The hidden history of war on terror torture

The Hidden Persuaders project has interviewed neuropsychologist Tim Shallice about his opposition to the British government’s use of ‘enhanced interrogation’ in the Northern Ireland conflict of the 1970s – a practice eventually abandoned as torture.

Shallice is little known to the wider public but is one of the most important and influential neuropsychologists of his generation, having pioneered the systematic study of neurological problems as a window on typical cognitive function.

One of his first papers was not on brain injury, however, it was an article titled ‘Ulster depth interrogation techniques and their relation to sensory deprivation research’ where he set out a cognitive basis for why the ‘five techniques’ – wall-standing, hooding, white noise, sleep deprivation, and deprivation of food and drink – amounted to torture.

Shallice traces a link between the use of these techniques and research on sensory deprivation – which was investigated both by regular scientists for reasons of scientific curiosity, and as we learned later, by intelligence services while trying to understand ‘brain washing’.

The use of these techniques in Northern Ireland was subject to an official investigation and Shallice and other researchers testified to the Parker Committee which led Prime Minister Edward Heath to ban the practice.

If those techniques sound eerily familiar, it is because they formed the basis of interrogation practices at Guantanamo Bay and other notorious sites in the ‘war on terror’.

The Hidden Persuaders is a research project at Birkbeck, University of London, which is investigating the history of ‘brainwashing’. It traces the practice to its use by the British during the colonisation of Yemen, who seemed to have borrowed it off the KGB.

And if you want to read about the modern day effects of the abusive techniques, The New York Times has just published a disturbing feature article about the long-term consequences of being tortured in Guantanamo and other ‘black sites’ by following up many of the people subject to the brutal techniques.

Link to Hidden Persuaders interview with Tim Shallice.
Link to NYT on long-term legacy of war on terror torture.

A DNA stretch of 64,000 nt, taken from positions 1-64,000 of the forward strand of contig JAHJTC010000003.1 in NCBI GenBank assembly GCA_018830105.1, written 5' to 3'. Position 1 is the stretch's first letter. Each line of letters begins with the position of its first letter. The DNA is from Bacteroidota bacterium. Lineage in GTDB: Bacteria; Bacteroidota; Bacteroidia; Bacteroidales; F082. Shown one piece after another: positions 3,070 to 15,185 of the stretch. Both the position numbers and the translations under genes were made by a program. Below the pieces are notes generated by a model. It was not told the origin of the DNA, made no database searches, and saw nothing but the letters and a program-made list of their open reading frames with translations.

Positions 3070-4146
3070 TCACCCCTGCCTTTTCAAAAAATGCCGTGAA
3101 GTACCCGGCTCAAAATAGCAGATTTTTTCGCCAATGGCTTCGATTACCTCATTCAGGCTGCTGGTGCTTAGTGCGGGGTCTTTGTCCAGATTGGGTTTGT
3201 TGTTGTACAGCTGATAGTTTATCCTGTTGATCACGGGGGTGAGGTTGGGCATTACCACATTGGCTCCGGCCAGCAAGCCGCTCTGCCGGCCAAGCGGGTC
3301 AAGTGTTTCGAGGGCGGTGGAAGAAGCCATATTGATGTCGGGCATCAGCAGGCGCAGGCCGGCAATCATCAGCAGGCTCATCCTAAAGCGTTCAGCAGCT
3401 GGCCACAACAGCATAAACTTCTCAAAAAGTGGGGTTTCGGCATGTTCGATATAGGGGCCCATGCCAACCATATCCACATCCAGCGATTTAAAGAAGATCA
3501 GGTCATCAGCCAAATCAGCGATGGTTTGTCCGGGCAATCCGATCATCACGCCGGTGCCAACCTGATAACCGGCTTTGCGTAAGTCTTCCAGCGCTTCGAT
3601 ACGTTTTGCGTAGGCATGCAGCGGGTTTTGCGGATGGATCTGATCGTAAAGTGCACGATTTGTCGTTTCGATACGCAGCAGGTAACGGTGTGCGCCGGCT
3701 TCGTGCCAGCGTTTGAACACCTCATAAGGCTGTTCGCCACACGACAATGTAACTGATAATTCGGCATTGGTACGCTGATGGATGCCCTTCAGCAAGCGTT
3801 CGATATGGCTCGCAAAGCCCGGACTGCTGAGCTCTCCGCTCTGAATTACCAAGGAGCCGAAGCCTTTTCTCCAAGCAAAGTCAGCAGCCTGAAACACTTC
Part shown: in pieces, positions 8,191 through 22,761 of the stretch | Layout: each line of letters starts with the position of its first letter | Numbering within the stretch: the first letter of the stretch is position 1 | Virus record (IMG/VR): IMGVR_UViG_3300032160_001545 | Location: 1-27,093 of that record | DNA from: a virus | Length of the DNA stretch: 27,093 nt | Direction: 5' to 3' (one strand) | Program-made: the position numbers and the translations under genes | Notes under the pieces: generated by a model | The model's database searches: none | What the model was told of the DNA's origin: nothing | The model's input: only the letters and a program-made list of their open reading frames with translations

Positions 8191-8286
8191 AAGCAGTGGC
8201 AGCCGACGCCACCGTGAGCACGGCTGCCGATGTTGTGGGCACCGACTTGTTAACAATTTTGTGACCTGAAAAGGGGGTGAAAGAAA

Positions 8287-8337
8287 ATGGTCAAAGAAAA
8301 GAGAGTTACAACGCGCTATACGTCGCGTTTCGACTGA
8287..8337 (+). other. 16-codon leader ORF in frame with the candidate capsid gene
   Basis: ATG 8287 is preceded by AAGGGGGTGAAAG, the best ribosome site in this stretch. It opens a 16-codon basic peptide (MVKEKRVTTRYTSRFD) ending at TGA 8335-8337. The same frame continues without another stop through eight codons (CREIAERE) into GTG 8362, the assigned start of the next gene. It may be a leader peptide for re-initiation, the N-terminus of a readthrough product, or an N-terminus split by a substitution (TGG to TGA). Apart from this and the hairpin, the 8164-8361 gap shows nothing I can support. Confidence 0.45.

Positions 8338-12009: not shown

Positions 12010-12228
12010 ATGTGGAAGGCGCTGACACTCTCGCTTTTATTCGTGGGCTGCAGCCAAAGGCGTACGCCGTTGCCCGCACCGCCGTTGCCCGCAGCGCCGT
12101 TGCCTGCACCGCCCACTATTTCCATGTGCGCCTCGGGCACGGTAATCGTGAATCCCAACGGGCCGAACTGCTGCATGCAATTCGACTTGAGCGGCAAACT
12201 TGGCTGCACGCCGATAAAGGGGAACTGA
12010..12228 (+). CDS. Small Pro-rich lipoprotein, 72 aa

Hallucinating sleep researchers

I just stumbled across a fascinating 2002 paper where pioneering sleep researcher Allan Hobson describes the effect of a precisely located stroke he suffered. It affected the medulla in his brain stem, important for regulating sleep, and caused total insomnia and a suppression of dreaming.

In one fascinating section, Hobson describes the hallucinations he experienced, likely due to his inability to sleep or dream, which included disconnected body parts and a hallucinated Robert Stickgold – another well known sleep researcher.

Between Days 1 and 10 I could visually perceive a vault over my supine body immediately upon closing my eyes. The vault resembled the bottom of a swimming pool but the gunitelike surface of the vault could be not only aqua, but also white or beige and, more rarely, engraved obsidian or of a gauzelike nature mixed with ice or glass crystals.

There were three categories of formed imagery that appeared on these surfaces. In the first category of geologic forms the imagery tended to be protomorphic and crude but often gave way to the more elaborate structures of category two inanimate sculptural forms.

The most amusing of these (which occurred on the fourth night) were enormous lucite telephone/computers. But there were also tables and tableaux in which the geologic forms sometimes took unusual and bizarre shapes. One that I recall is a TV-set-like representation of a tropical landscape.

In category three, the most elaborate forms have human anatomical elements, including long swirling flesh, columns that metamorphosed into sphincters, nipples, and crotches, but these were never placed in real bodies.